It was a cool and sunny spring afternoon the first time I heard one of my students use the N-word. It was lunch, and a few tenth-graders had crowded into my classroom to eat and talk about video games after my fourth-period English class. I was a student teacher at the time, and I was in charge of all the morning classes that day, as my mentor teacher was out sick. Her absence didn’t faze me; I’d grown close with my first-ever cohort of students, and it was far enough into the year that I felt comfortable in the classroom. As I talked to the students about these multiplayer video games, telling them about my own teenage brother’s obsession, one of my students, a white male said, “It’s mostly just a bunch of 12-year-olds screaming,
While I was aware he did not mean this as an attack, the word, as well as his flippancy toward its usage, felt like a slap in the face. I look back on that moment and wonder why I didn’t say more, why I didn’t mine my 24 years of race conversations to find the right thing to say, but truthfully I was frozen. I left for the day shortly thereafter, cutting my afternoon graduate-school classes in favor of watching Dear White People in bed, in the hopes of salving the hurt I felt from what I had witnessed and the shame I felt at not being the anti-racist, ultra-knowledgable authority figure I was supposed to be. I woke up the next day, went into school, and found a time to talk it over with the student, who, in standard white 15-year-old-boy fashion, hadn’t thought much of how that word could impact Black people in any context but apologized deeply once he realized it did. Truth be told, it didn’t surprise me that he didn’t know this. The public school where I taught was “diverse by design,” and yet I could count on one hand the number of Black students I saw in the halls, let alone Black faculty. Years of gentrification and redlining had whitewashed the San Francisco Peninsula almost completely, pushing the entire Black community into the East Bay.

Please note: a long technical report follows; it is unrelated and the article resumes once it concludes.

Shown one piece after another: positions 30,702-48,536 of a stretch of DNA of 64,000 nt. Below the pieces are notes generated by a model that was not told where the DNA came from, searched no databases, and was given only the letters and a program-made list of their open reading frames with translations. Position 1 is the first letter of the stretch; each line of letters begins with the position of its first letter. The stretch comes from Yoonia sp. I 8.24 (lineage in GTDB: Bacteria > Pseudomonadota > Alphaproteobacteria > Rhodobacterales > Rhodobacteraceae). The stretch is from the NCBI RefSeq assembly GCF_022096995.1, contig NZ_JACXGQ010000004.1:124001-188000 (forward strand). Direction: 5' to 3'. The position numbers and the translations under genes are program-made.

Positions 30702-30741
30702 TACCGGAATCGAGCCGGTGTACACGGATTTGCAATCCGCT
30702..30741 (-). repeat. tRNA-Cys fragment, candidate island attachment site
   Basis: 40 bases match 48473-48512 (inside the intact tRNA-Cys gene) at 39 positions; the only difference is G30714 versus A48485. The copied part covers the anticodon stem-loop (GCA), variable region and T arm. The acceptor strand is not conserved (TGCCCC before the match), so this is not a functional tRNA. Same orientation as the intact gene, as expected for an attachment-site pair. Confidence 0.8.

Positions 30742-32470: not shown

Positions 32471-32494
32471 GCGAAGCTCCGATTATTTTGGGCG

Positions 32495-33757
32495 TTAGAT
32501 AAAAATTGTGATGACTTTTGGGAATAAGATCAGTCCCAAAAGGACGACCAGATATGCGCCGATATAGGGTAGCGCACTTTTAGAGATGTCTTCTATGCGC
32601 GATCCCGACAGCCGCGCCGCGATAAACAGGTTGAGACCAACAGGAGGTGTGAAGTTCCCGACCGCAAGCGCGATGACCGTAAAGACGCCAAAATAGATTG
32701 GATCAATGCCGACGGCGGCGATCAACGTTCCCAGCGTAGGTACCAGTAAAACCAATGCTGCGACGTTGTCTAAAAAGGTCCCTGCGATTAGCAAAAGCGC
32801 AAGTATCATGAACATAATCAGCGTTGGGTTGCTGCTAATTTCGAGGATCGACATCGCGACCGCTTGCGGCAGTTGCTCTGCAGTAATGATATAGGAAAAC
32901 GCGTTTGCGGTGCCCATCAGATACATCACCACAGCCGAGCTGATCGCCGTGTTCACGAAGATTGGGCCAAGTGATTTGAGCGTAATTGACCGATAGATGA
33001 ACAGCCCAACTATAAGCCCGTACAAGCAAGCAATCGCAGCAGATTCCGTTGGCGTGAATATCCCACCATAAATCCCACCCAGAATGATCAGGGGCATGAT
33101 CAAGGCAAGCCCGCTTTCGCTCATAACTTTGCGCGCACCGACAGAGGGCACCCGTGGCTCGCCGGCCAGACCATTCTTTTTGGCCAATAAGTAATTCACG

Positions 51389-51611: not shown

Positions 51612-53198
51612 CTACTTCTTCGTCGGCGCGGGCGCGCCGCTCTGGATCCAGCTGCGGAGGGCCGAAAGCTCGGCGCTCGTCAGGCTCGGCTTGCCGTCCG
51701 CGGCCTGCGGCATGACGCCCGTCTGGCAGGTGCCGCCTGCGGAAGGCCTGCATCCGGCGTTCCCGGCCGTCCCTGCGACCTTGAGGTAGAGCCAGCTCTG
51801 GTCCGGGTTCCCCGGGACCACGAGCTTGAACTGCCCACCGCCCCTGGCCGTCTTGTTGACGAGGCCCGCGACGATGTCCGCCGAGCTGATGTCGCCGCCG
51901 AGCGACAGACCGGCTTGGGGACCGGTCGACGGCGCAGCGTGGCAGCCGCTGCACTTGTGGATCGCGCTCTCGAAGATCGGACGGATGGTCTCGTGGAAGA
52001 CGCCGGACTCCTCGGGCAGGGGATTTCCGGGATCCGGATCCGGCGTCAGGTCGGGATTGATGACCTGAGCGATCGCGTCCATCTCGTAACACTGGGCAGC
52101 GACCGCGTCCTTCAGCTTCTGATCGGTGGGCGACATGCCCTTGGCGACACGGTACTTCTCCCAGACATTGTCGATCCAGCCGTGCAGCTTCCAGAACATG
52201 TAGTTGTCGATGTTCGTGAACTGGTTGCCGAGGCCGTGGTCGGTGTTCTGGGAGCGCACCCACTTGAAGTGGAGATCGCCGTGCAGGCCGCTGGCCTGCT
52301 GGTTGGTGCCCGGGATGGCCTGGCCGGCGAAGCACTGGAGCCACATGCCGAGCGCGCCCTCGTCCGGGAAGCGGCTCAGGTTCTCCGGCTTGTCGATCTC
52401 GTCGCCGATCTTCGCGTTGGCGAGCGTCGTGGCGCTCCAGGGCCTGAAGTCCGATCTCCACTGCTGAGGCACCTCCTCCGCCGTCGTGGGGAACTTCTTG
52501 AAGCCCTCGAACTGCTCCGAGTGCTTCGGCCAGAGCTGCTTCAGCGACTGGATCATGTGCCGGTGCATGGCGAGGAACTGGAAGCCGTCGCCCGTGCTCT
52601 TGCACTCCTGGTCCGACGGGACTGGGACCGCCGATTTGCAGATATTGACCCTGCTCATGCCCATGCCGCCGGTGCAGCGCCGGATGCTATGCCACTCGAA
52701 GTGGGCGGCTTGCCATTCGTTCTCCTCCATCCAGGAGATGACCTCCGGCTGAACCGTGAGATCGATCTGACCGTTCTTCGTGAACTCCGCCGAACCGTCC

My grandmother was a teacher in the Bay Area, and I grew up listening to her tell stories about her classroom while I spent my primary years searching the front of my classrooms for faces that looked remotely like mine. I became a teacher to chip away at these walls of race and class that keep the majority of students in this country from accessing the type of education that wealthy students get simply by living in the right Zip Code or having parents who can pay a steep tuition. I was fortunate enough to go to one of those sorts of schools in Los Angeles, and though the education I got gave me access to opportunities my ancestors could only dream of, I hated the school, and in turn myself, for being so steeped in such overt whiteness and classism. I was assigned to read only a handful of Black authors in high school (which, to my high school’s credit, is a handful more than many others had the chance to). I learned nothing more about Black history than would be useful for getting me a high score on an AP exam. I knew Black teachers existed, but I didn’t have one personally until my master’s program. High school felt like one long implicit message that there was no place for people who looked like me in intellectual society and that to gain access to that world, I needed to learn to be as white as possible. James Baldwin sums up this tension perfectly in his 1963 essay, “A Talk to Teachers,” stating that a black child “pledges allegiance to that flag which guarantees ‘liberty and justice for all.’ He is part of a country in which anyone can become president, and so forth. But on the other hand he is also assured by his country and his countrymen that he has never contributed anything to civilization — that his past is nothing more than a record of humiliations gladly endured.”